Rather than stand firming and standing together, Christianity has been reduced to a spectator sport in which religious people go to a meeting on an intermittent basis to watch a performance. We rate the performance on how it makes us feel rather than whether we are equipped to act godly and to honour the Lord. When we “worship,” we demand a “worship team” and a “praise band” to provide lively music with a catchy melody and a speaker than gives a pep talk demanding little of us but making us feel good about ourselves—and the show only costs a little bit of time and a few dollars. We enter the building as individuals, and we leave as individuals, though we believe that because we shared the brief time together, we are a church.
There is a reason the enemy seldom bothers such congregations—they make no practical difference in the world and they change no lives. They are not a threat to the enemies of the Faith, for they are quiet when challenged and incapable of standing firm in the Faith. However, the congregation that dons the whole armour of God and stands together to resist the onslaught of the wicked one will find themselves opposed, and the major opposition will be from those who are professed believers in the Lord.
I do not want anyone to imagine that I am trying to create a “little flock” syndrome or induce an Elijah complex among the people of God. Christians that seek to follow hard after the Lord are not alone, but they are not in the majority nor have they ever been a majority. They must not reject those who seek to honour God, however imperfectly their efforts might appear. Bear in mind, however, that minorities, not majorities, write history. It was Wilberforce, together with a small group of evangelical believers, who moved the British Empire to abolish slavery. The battle was long and the burden was great, but the goal was worthy of the effort.
Jeremiah Lamphier, a concerned layman announced a noon prayer meeting for September 23, 1857. Those praying were invited to meet on the third floor of the “Consistory” of the Old Dutch Reformed Church on Fulton Street in New York City. Christians were disillusioned and churches were sliding into marked lethargy. Preachers had ceased declaring the authoritative Word of the Living God. Cynicism reigned over much of Christendom as result of the wild-eyed excess of William Miller who had predicted the return of the Saviour on October 22, 1844. However, Lamphier was burdened for the nation and believed that through prayer, God would transform hearts. On the assigned day, only six people showed up to pray for the first prayer meeting. However, by spring, over 10,000 people met daily for prayer throughout the city. It grew to become the greatest spiritual awakening the United States ever experienced.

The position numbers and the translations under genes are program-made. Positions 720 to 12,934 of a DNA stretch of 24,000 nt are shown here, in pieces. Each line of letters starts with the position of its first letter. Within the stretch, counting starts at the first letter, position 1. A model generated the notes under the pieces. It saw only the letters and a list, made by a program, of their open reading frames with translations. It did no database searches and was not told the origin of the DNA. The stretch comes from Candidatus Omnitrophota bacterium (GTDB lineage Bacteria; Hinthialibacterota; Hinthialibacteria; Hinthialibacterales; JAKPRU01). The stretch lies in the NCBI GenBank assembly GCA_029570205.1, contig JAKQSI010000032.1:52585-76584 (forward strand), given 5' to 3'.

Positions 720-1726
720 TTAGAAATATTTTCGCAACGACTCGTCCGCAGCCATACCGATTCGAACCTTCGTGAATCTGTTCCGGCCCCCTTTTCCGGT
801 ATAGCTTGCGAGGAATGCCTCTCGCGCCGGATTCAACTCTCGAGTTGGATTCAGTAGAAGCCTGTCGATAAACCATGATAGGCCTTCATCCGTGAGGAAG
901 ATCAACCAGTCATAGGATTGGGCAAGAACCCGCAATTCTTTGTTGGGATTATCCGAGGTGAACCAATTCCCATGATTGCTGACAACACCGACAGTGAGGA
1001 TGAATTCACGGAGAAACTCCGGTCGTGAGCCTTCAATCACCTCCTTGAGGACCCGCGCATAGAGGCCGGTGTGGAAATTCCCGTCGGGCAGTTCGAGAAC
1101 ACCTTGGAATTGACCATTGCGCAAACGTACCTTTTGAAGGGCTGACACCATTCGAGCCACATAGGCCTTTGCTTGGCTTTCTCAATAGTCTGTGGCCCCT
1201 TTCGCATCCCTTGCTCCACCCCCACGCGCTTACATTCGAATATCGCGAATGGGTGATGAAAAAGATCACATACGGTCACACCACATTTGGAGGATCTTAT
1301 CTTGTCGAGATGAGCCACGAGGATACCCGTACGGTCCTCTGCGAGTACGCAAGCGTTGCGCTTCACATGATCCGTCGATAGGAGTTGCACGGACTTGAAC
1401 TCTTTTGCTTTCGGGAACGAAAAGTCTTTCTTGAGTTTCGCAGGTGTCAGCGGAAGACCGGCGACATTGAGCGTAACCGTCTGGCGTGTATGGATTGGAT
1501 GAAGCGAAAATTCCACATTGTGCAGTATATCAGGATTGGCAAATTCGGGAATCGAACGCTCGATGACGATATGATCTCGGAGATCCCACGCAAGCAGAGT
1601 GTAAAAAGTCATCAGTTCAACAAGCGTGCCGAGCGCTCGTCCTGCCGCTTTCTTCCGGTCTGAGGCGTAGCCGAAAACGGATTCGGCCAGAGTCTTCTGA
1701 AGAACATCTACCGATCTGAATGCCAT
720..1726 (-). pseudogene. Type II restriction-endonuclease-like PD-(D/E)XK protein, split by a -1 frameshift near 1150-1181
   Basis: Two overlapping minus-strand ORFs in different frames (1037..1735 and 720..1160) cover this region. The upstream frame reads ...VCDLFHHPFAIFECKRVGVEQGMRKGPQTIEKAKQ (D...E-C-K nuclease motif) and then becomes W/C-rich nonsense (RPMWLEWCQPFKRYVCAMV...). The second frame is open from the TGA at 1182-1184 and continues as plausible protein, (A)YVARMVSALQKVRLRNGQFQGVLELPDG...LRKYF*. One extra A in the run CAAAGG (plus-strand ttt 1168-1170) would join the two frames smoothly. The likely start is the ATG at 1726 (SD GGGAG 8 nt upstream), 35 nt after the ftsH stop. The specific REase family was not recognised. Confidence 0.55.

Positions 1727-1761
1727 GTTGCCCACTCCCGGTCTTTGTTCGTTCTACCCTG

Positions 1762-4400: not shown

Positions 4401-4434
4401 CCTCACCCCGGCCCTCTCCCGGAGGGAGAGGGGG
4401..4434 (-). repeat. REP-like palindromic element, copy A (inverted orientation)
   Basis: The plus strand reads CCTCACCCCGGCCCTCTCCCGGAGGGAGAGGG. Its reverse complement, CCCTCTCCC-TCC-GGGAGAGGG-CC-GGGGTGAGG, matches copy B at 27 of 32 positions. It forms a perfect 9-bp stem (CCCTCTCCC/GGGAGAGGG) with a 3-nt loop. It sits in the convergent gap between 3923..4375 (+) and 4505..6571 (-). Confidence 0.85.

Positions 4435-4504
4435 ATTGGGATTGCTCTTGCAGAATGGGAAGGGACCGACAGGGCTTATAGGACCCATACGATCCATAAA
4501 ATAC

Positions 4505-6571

Athanasius was raised up by God to transform the churches at a time when they were following error to depart from the Faith. Arius had swayed the entire Christian world to the heretical view that Father, Son and Holy Spirit were separate entities. At the Council of Nicaea, Athanasius gathered a small band of men. Praying all night before he appeared before the Council, the prayer band sought the face of the Master. Athanasius stood to defend the Trinitarian position presented in the Word of God; and speaking the power of the Spirit, he led the assembled prelates to declare the truth that God is one. Always and ever, it has been minorities, and not majorities, that have written history and advanced the cause of Christ.
Our armour is given so that we can stand firm before the assault of the wicked one. We are charged to stand together, reaching out to as many as possible so that all whom the Lord shall give us will join us in standing firm against the evil one. We must not despise those who are now walking in darkness, but we must let our light so shine that we adorn the doctrine of Christ. Then, walking in the light, we shall turn many to righteousness.
The Armour Provided — “Stand therefore, having fastened on the belt of truth, and having put on the breastplate of righteousness, and, as shoes for your feet, having put on the readiness given by the gospel of peace. In all circumstances take up the shield of faith, with which you can extinguish all the flaming darts of the evil one; and take the helmet of salvation, and the sword of the Spirit, which is the word of God.”